Mersey Care NHS Foundation Trust is leading a culture change in supporting colleagues when things don’t go as expected. The trust’s work has seen material differences for staff and how we care and this is being shared nationally working alongside academics and NHS leaders. Training programmes and resources are available, aimed at HR professionals and the wider public, and in 2020, a new free online course is being made available jointly with the Zero Suicide Alliance.
Mersey Care’s internal research found barriers to transparency included fear, blame and shame. Staff and staff side colleagues started to ask, quite rightfully, about a zero blame culture. That in itself was an indication that the trust had made a change in thinking as it is only by promoting openness and transparency that we will accelerate our rate of improvement.
Lead by the Board, the trust has learnt from established academic works, in particular by Professor Sidney Dekker, author of bestselling book ‘Just Culture’. We’ve looked at industries like airlines, nuclear technology, oil and exploration and some healthcare in the US, all of which go about their daily business knowing there is always an element of risk. There is a very poignant example of how difficult this move can be captured in the true story of “Sully”, made into a film starring Tom Hanks. It focuses on the pilot Captain Chesley Sullenberger, who famously made an emergency landing on the Hudson River in New York. His actions saved all the 155 passengers and crew. Despite being a national hero, he was later investigated by airline authorities.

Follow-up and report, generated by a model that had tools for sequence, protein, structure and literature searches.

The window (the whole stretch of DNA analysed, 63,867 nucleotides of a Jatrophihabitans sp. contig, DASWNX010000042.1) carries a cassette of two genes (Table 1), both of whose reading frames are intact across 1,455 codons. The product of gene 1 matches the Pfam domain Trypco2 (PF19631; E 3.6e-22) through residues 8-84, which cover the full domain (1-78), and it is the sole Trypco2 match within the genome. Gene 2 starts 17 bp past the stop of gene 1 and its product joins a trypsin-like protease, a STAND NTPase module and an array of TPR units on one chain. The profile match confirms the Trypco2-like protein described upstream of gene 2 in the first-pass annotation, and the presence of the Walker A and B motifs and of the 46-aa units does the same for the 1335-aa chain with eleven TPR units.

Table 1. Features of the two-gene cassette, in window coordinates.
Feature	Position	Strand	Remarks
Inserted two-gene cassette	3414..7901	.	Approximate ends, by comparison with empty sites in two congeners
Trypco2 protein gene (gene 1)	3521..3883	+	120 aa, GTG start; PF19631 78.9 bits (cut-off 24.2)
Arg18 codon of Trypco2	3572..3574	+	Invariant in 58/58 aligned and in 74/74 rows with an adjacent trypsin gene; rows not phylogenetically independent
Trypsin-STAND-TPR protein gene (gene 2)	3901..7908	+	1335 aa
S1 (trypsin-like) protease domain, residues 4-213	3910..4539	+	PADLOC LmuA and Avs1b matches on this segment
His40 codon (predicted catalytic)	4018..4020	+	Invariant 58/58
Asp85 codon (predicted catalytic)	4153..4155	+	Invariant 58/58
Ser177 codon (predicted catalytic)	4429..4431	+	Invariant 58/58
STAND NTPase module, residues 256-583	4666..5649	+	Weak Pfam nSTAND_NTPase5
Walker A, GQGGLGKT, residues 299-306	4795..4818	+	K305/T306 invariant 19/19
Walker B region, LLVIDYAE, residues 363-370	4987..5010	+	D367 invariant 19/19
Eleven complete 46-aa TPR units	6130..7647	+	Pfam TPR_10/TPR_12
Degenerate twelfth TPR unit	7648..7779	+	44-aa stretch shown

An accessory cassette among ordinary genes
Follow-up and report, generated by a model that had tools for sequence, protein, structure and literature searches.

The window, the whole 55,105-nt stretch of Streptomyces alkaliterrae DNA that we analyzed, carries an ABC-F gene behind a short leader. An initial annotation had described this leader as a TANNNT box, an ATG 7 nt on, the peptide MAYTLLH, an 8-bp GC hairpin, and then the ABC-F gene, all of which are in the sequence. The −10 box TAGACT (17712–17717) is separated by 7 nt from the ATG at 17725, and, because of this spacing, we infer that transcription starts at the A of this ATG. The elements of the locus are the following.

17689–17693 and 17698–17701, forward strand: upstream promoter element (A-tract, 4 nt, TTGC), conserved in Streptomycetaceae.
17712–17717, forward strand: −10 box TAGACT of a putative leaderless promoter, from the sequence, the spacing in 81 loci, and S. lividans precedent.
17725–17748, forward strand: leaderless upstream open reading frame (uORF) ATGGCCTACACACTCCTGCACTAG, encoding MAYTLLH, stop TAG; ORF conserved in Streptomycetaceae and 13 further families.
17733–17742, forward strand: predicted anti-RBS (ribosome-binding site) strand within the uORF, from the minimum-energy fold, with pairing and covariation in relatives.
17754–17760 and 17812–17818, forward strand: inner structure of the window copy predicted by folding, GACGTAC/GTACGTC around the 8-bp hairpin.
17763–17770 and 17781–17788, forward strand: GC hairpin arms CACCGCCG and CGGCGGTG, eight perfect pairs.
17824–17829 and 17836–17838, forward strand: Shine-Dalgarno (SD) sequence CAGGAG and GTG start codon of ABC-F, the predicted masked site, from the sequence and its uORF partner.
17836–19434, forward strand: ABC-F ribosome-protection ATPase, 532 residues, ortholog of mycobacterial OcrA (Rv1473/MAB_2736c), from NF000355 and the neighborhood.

Mersey Care’s work to embrace a Just and Learning Culture has centred on the desire to create an environment where staff feel supported and empowered to learn when things do not go as expected, rather than feeling blamed. This is a culture that instinctively asks in the case of an adverse event: “what was responsible, not who is responsible”. It is not fingerpointing and not blame-seeking. But it is not the same as an uncritically tolerant culture where anything goes – that would be as inexcusable as a blame culture.
We tell the story of what happened in one NHS trust, Mersey Care. We look at how being a rules based organisation meant there was a lack of awareness of the psychological harm of some HR processes.
In the second module we acknowledge that mistakes can and will happen.
In the third module we hear that a Just and Learning Culture must have the full commitment of the Board of Directors, and senior leaders and influencers answer your questions.